CONSIDERING HOW THE NFL currently conducts its investigations or reviews of its investigations -- outsourcing the legwork, allowing it to take months to complete, making the findings public, and almost always losing if the inevitable appeal is heard by an independent arbitrator -- it's striking that the Spygate inquiry lasted only a little over a week, and that Goodell's findings stuck. The day after the game, Sept. 10, the Jets sent a letter to the Patriots asking them to preserve any evidence because they had sent an official grievance about the Patriots' spying to the NFL. On Sept. 12, Goodell spoke on the phone with Belichick for 30 minutes, sources say, Belichick admitting that he had been engaged in the practice of taping signals for "some time." Belichick didn't volunteer the total number of games at which the Patriots had recorded signals, sources say, and the commissioner didn't ask. "Goodell didn't want to know how many games were taped," another source with firsthand knowledge of the investigation says, "and Belichick didn't want to tell him."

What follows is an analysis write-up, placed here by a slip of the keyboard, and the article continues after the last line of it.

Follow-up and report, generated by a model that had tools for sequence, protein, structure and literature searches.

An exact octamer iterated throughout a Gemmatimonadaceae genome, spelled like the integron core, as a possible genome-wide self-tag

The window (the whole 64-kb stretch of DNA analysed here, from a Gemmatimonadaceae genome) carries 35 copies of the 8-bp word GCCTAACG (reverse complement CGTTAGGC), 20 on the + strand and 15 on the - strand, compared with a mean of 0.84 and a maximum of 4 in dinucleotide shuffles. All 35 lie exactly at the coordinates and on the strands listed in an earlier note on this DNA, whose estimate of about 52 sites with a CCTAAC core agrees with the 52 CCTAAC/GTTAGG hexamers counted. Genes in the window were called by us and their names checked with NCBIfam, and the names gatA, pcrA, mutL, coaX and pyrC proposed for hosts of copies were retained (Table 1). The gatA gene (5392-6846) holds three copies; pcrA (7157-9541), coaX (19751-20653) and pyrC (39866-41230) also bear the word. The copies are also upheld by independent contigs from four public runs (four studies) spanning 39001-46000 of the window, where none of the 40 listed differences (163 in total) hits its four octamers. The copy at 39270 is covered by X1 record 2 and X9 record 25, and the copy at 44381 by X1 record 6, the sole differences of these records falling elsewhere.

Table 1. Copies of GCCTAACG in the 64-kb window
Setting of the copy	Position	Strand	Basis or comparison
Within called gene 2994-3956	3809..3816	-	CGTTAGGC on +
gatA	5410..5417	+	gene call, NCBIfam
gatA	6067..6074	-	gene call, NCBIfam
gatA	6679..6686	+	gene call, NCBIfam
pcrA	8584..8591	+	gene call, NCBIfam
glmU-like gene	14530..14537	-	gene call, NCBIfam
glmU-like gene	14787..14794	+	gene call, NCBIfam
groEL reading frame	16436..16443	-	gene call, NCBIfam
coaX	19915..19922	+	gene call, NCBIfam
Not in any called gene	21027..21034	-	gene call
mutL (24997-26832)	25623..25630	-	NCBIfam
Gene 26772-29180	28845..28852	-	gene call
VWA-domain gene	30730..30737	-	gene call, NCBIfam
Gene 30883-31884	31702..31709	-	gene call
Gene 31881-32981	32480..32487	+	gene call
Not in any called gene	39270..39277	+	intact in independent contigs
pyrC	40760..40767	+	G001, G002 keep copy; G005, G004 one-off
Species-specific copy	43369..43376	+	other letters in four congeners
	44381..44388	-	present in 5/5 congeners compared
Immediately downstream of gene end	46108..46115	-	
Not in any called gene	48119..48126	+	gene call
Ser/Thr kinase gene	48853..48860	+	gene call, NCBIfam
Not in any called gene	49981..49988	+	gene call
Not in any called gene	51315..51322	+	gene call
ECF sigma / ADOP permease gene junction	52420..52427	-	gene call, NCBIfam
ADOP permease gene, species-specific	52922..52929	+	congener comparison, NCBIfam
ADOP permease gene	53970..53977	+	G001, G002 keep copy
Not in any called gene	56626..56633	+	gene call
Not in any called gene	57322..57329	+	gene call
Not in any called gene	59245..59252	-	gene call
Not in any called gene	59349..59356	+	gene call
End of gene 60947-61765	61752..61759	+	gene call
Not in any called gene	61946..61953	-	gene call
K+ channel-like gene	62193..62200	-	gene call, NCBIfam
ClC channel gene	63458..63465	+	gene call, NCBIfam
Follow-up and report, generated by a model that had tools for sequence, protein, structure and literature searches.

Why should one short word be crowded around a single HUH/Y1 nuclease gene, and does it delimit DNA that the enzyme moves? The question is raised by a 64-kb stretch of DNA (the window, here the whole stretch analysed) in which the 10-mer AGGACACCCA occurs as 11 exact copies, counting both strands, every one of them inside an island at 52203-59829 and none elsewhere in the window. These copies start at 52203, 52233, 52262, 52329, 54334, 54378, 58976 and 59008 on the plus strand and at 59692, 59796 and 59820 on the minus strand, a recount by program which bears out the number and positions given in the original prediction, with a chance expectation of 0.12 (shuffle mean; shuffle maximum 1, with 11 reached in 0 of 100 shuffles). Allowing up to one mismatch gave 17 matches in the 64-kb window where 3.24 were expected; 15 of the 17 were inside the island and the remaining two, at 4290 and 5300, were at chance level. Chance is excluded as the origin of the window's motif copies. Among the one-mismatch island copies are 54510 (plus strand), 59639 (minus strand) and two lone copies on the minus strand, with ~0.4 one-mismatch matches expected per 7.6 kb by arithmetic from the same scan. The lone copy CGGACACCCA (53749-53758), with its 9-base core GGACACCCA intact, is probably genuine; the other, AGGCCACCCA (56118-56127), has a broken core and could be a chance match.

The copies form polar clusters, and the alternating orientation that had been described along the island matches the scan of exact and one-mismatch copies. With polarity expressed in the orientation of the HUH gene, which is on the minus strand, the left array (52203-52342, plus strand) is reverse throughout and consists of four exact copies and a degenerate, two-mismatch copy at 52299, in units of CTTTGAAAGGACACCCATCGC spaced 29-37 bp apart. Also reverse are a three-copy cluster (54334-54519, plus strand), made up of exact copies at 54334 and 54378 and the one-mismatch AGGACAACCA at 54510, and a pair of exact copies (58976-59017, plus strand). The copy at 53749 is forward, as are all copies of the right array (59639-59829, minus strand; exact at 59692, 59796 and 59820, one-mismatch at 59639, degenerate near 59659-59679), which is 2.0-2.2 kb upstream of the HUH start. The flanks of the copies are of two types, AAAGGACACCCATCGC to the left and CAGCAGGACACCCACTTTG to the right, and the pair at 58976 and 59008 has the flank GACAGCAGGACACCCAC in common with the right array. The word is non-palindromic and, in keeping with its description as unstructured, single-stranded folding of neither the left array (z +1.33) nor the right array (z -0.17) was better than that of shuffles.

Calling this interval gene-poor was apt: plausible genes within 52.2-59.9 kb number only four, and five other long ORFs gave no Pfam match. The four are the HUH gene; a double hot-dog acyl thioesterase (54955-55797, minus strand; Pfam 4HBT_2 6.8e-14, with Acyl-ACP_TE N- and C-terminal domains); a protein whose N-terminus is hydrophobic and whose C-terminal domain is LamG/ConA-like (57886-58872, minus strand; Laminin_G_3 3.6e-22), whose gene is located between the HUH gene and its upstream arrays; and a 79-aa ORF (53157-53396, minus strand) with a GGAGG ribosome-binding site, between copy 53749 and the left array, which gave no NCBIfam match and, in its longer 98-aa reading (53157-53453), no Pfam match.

The next day, the league announced its historic punishment against the Patriots, including an NFL maximum fine for Belichick. Goodell and league executives hoped Spygate would be over.